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Many scholars suggest that both NATO and the Warsaw Pact developed out of the failure of the US and the USSR to come to agreement on the reconstitution of postwar Germany. Beyond this argument, however, one can also suggest that the central mechanism of the Cold War arms race in Europe was the political competition between West Germany's Bundeswehr and the National People's Army (NVA) of the German Democratic Republic (GDR) for legitimacy in the eyes of the German people.

This political competition forced the Soviet Union to create a "Potemkin" force—the NVA—to deny the Bundeswehr the exclusive claim of being the sole heir to the German military tradition. This tradition was a powerful source of political legitimacy, especially in the historic Prussian lands that were the territorial base of East Germany. Eventually, the NVA also became a symbol of technological sophistication for the GDR and its ruling political entity, the Socialist Unity Party (SED). The political competition of the late 1950s between the Bundeswehr and the NVA also required the Soviets to create a "Potemkin" military alliance for the NVA to match the NATO alliance, an organization in which the Bundeswehr eventually became the principal conventional force.

An arms race along the inner-German border was the inevitable result of arming the NVA to appear credible in the eyes of its own personnel, the citizens of both Germanies, and in the eyes of NATO as well. A NATO-Warsaw Pact arms race was also the result of arming a limited number of elite units in the Polish and Czechoslovak militaries to approximately the same technical standards as the NVA. These units were designated for participation in joint military exercises involving the NVA and the Soviet troops in East Germany, Poland, and Czechoslovakia (and occasionally Hungary). Without these elite units the Warsaw Pact would not have been able either to project its legitimacy as a coalition force or to confer the status of ally on the Soviet forces in Germany, Poland, and Czechoslovakia. But the price of convincing NATO of the military value of the NVA and the Warsaw Pact was a permanent arms race.

The six divisions of the NVA required about 71,000 soldiers, a number the Soviets could have sent from the USSR to man the same equipment, perhaps at greater cost but certainly with greater political reliability. But to have done so would have constituted a virtual Soviet political attack on the SED.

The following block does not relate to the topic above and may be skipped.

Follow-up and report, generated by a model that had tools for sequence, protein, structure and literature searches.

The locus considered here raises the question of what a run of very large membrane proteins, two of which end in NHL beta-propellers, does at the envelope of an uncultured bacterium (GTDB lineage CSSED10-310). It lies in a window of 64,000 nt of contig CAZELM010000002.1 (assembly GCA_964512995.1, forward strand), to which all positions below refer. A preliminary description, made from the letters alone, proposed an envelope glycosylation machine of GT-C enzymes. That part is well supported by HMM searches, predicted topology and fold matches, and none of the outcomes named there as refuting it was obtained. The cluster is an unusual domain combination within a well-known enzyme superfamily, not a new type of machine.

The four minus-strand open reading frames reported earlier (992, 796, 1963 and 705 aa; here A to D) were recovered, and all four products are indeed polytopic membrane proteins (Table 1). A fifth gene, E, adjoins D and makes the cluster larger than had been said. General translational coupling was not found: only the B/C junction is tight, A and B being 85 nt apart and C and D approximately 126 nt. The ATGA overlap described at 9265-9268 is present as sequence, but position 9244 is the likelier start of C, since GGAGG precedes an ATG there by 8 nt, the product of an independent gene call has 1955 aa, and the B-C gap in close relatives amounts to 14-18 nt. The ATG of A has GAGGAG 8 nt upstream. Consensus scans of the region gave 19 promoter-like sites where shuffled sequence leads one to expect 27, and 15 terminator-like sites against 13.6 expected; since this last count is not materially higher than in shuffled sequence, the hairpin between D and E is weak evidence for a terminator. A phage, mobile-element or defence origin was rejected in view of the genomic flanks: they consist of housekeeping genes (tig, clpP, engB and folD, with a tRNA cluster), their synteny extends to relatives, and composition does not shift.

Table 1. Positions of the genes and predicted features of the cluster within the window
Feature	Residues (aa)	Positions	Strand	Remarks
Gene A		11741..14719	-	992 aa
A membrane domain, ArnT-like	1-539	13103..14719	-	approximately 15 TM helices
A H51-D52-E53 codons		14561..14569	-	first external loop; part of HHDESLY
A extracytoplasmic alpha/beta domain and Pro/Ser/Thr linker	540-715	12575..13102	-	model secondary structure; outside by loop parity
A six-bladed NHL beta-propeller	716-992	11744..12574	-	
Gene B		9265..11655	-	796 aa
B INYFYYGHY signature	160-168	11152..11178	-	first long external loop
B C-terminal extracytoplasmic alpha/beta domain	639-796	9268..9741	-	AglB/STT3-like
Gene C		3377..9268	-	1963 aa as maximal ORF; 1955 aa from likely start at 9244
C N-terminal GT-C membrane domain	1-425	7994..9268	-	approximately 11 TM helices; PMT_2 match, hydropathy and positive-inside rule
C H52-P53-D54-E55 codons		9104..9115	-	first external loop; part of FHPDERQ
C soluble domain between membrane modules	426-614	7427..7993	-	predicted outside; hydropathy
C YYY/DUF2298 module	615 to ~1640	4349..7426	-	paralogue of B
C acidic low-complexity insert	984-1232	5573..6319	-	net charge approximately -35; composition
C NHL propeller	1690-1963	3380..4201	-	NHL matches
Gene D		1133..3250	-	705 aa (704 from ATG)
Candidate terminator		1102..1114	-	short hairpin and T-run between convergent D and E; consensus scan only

To achieve military credibility, the NVA obtained relatively advanced weapons and maintained extraordinarily high levels of readiness. But the six standing divisions constituted an unusually small force measured by the per capita standards of other Warsaw Pact states and of West Germany. These NVA divisions also constituted a smaller number than the 92,500 personnel of the internal security detachments of the GDR. Indeed, the ratio of conscripts to career cadre in the regular military and paramilitary forces in the GDR was by far the lowest in the Warsaw Pact: one conscript for every 1.6 "career" soldier. One of the main functions of the NVA may have been to camouflage the internal security personnel in the GDR, an extraordinarily large number by the standards of other Warsaw Pact states.

The peculiar statistical characteristics of the NVA thus in retrospect challenge the conventional wisdom that the NVA constituted a substantial military contribution to the Soviet-NATO balance, as do a number of dysfunctional practices in the NVA discovered by the Bundeswehr during the course of absorbing NVA personnel in the early 1990s.

Although it seems obvious that the NVA would be part of an arms race along the inner-German border, since that's where the central front was, it should be emphasized that there were other possible outcomes to the 1955 resolution of "the German problem." This became clear in 1989-90. Once Soviet leader Mikhail Gorbachev agreed to German unification then the previously intractable issues of European military balances, nuclear deterrence, and arms control virtually disappeared, including Soviet claims that NATO was an aggressive alliance. The Soviets did not even use the NVA as a negotiating card—they abandoned it as if it had no intrinsic military value. They even refused its weapons. And the NVA itself made no institutional effort to save the SED, the GDR, or itself.

To see the NVA in historical perspective, it should be examined through several different prisms:

The West German Prism
The Bundeswehr developed mainly out of the interaction of two issues: the inability of the Soviets and the Western allies to resolve the "German question," and the inability of the Western allies to form a multi-national military force under the auspices of the European Defense Community, a project killed by the French Assembly in 1954. The result was the creation of a distinct West German military force within NATO. The Bundeswehr, however, lacked its own general staff and restricted its own capability for independent action by virtue of its tight integration into NATO command structures.